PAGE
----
+with this parameter as the result of the function.  GNAT provides for
 this capability to allow the use of @code{OUT} and @code{IN OUT}
 parameters in interfacing to external functions (which are not permitted
 in Ada functions).
@@ -1304,26 +1304,26 @@
 
 @noindent
 This pragma is used to provide backwards compatibility with other
-implementations that extend the facilities of package @code{System}. In
+implementations that extend the facilities of package @code{System}.  In
 GNAT, @code{System} contains only the definitions that are present in
-the Ada 95 RM@. However, other implementations, notably the DEC Ada 83
+the Ada 95 RM@.  However, other implementations, notably the DEC Ada 83
 implementation, provide many extensions to package @code{System}.
 
 For each such implementation accommodated by this pragma, GNAT provides a
 package @code{Aux_@var{xxx}}, e.g.@: @code{Aux_DEC} for the DEC Ada 83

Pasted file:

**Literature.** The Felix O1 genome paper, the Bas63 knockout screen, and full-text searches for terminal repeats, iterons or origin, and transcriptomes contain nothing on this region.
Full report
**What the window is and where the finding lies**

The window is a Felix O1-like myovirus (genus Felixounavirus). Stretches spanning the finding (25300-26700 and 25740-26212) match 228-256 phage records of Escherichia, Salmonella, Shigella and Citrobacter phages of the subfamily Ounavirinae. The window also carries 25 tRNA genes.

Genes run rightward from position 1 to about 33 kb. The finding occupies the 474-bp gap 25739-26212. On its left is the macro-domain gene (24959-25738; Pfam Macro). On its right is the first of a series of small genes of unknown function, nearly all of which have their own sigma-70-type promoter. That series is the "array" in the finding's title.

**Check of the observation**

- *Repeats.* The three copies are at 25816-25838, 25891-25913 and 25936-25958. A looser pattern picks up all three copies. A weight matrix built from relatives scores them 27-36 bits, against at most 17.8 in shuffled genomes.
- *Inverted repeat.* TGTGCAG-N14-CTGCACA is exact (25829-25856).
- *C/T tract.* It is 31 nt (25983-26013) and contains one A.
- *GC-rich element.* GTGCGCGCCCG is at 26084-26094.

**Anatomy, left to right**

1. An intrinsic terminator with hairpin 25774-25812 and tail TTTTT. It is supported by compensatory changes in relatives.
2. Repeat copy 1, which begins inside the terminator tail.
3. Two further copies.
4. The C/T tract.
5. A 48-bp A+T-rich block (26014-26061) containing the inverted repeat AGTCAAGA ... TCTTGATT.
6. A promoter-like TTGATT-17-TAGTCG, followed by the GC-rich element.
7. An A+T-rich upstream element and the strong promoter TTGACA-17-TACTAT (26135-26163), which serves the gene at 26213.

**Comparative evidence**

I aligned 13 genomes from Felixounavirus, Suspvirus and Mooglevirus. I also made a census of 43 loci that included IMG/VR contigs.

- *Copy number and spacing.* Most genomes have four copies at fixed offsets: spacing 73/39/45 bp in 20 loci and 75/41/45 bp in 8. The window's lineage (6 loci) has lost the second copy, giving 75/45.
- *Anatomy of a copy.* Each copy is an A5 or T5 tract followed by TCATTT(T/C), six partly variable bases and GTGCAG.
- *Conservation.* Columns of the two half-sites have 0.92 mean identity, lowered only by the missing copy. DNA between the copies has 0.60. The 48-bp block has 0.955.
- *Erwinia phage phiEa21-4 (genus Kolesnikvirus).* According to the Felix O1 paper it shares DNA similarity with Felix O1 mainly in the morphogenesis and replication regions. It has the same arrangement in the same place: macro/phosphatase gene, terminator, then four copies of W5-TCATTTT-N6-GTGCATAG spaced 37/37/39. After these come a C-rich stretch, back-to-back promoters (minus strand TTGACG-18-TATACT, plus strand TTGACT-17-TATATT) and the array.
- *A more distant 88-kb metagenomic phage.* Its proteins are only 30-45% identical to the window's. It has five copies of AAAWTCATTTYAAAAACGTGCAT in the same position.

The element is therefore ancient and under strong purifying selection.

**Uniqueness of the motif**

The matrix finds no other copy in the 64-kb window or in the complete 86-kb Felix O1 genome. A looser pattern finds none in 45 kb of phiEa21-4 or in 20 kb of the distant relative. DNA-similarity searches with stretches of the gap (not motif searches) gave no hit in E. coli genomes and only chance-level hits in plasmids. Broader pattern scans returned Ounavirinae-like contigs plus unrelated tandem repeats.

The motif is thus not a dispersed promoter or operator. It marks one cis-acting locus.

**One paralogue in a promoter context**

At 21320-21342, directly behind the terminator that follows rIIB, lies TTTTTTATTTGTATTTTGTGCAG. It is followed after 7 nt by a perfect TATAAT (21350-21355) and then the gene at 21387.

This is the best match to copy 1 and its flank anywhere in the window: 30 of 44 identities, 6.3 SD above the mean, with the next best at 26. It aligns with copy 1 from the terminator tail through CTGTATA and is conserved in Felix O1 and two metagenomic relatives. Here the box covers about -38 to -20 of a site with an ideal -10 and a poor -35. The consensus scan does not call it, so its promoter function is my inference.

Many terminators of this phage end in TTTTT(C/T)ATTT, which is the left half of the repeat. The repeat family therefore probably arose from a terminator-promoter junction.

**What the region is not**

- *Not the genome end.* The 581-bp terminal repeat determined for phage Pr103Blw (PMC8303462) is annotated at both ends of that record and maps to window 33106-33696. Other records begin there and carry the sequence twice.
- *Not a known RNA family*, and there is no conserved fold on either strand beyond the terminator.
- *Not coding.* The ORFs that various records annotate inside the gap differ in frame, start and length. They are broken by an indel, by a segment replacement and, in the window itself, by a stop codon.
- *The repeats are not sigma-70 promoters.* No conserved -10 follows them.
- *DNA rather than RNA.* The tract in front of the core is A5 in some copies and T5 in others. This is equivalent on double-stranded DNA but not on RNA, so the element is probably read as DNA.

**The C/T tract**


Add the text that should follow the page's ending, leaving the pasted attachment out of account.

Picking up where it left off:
-implementation, which provides the required additional definitions. You
+implementation, which provides the required additional definitions.  You
 can use this package in two ways.  You can @code{with} it in the normal
 way and access entities either by selection or using a @code{use}
-clause. In this case no special processing is required.
+clause.  In this case no special processing is required.
 
 However, if existing code contains references such as
 @code{System.@var{xxx}} where @var{xxx} is an entity in the extended
 definitions provided in package @code{System}, you may use this pragma
 to extend visibility in @code{System} in a non-standard way that
-provides greater compatibility with the existing code. Pragma
+provides greater compatibility with the existing code.  Pragma
 @code{Extend_System} is a configuration pragma whose single argument is
 the name of the package containing the extended definition